“The task is that we ensure the security in Europe, and I believe that that will be achieved,” he told journalists at a joint press conference with Danish Prime Minister Mette Frederiksen.
Compared to some weeks back, “much has happened,” said Scholz, underlining recent talks undertaken by Western allies with Russia on various levels.
“That is progress,” said Scholz, who will himself head to Kyiv and Moscow next week for separate meetings with Ukraine and Russia’s leaders.
“The hope is that through this intensity and through this double strategy of clear unity and announcement of hard sanctions should there be military aggression, and at the same time, discussion formats,” that tensions could be defused, Scholz said.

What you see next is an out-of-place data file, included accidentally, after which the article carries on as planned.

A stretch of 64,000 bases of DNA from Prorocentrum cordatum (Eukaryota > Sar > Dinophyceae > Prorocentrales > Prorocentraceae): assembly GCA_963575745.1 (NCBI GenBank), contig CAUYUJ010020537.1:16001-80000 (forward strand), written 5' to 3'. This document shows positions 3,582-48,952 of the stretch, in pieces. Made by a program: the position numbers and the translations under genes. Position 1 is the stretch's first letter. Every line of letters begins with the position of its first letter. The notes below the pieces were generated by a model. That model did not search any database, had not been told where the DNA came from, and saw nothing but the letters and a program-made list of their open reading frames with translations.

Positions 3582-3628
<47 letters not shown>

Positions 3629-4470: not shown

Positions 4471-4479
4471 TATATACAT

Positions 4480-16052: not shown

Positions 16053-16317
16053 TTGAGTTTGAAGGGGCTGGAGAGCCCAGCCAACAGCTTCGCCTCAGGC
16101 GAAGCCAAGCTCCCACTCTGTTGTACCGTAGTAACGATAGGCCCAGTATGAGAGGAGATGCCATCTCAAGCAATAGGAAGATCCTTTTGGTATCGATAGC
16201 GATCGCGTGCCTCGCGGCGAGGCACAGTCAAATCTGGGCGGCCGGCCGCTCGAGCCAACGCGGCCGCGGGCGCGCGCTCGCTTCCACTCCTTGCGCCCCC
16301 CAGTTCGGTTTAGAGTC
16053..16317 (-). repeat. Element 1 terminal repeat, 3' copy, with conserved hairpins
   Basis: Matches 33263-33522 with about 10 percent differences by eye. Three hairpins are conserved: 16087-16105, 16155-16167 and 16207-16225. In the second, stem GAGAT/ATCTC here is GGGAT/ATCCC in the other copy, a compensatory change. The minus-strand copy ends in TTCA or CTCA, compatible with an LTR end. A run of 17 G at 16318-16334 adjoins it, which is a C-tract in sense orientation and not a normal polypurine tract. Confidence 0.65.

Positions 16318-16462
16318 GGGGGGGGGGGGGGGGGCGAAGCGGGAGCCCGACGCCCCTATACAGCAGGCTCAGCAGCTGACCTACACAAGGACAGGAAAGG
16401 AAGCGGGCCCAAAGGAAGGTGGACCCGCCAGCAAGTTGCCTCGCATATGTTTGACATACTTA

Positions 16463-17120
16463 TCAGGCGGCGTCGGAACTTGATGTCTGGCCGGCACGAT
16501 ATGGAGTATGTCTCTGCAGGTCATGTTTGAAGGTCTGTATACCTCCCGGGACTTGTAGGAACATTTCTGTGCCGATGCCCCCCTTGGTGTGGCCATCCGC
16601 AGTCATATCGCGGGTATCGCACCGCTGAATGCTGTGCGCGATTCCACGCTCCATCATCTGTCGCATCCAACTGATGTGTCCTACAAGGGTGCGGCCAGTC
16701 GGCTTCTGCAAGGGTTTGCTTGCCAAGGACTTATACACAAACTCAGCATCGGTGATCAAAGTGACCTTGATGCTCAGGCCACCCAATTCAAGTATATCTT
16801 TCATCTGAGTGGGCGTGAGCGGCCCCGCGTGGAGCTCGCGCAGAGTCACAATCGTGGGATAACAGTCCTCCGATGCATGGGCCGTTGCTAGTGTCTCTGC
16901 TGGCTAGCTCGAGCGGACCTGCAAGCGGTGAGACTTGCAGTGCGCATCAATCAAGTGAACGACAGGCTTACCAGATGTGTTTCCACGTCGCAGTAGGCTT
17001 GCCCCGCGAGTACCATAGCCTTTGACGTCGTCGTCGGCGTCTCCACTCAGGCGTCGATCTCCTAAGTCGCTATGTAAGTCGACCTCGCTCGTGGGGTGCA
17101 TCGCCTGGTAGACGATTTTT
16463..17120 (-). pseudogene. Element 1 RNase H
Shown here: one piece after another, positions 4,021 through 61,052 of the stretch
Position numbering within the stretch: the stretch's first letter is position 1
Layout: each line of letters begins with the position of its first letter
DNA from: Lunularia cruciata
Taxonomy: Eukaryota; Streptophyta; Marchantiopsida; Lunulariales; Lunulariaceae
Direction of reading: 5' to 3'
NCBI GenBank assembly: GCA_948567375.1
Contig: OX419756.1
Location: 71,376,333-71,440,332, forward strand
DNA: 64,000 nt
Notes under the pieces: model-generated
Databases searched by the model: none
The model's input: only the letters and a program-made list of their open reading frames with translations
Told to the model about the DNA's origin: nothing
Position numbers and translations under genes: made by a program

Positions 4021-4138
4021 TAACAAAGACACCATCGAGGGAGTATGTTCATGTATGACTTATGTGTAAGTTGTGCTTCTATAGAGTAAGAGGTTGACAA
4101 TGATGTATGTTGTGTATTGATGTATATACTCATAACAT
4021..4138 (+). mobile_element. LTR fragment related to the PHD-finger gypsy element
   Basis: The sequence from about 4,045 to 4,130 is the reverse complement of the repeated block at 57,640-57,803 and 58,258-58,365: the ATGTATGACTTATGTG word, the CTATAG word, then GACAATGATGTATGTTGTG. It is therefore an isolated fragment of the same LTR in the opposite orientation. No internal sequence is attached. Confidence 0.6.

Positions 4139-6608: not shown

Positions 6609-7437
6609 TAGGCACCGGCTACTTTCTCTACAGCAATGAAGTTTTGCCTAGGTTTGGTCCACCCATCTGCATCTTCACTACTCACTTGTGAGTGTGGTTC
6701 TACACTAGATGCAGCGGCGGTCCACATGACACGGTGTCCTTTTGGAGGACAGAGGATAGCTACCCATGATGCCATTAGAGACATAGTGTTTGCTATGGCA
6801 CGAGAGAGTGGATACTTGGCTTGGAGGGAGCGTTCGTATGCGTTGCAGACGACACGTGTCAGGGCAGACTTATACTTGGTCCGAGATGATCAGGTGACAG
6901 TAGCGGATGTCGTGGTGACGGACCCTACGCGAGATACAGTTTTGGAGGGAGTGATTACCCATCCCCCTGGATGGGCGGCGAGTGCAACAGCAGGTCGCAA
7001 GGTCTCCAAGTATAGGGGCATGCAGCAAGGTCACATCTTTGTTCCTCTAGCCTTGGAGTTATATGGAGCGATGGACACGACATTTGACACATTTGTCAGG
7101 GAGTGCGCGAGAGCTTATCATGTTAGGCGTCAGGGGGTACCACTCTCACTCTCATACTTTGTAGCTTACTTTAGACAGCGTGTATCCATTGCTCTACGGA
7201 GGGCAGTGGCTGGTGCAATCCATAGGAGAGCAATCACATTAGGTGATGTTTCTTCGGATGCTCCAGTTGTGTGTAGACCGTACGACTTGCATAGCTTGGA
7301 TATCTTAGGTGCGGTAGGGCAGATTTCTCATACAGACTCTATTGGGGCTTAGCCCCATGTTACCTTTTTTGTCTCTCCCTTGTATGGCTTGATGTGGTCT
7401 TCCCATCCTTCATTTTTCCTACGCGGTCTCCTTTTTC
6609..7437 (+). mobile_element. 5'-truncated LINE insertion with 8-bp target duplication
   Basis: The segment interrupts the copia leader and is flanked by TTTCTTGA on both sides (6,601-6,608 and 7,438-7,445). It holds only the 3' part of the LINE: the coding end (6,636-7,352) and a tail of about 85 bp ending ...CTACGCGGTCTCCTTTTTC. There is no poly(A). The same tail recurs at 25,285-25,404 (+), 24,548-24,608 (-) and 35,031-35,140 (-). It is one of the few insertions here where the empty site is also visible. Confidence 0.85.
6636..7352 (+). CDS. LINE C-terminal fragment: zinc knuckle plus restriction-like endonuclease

The German leader, who has been under fire over accusations that he has dithered over the crisis, stressed he was in agreement with allies including the United States on possible sanctions that could be imposed.
Scholz’s failure to pronounce the words “Nord Stream 2” during his trip to Washington did not go unnoticed, with critics questioning how committed he was to ditching the gas pipeline meant to transport Russian gas to Europe should Moscow take action against Ukraine.
On Wednesday, he again shied away from mentioning the pipeline directly, arguing that together with allies, “we have decided not to publish the entire catalogue (of sanctions) and I think that also makes sense because we can gain a little bit of power” by remaining vague.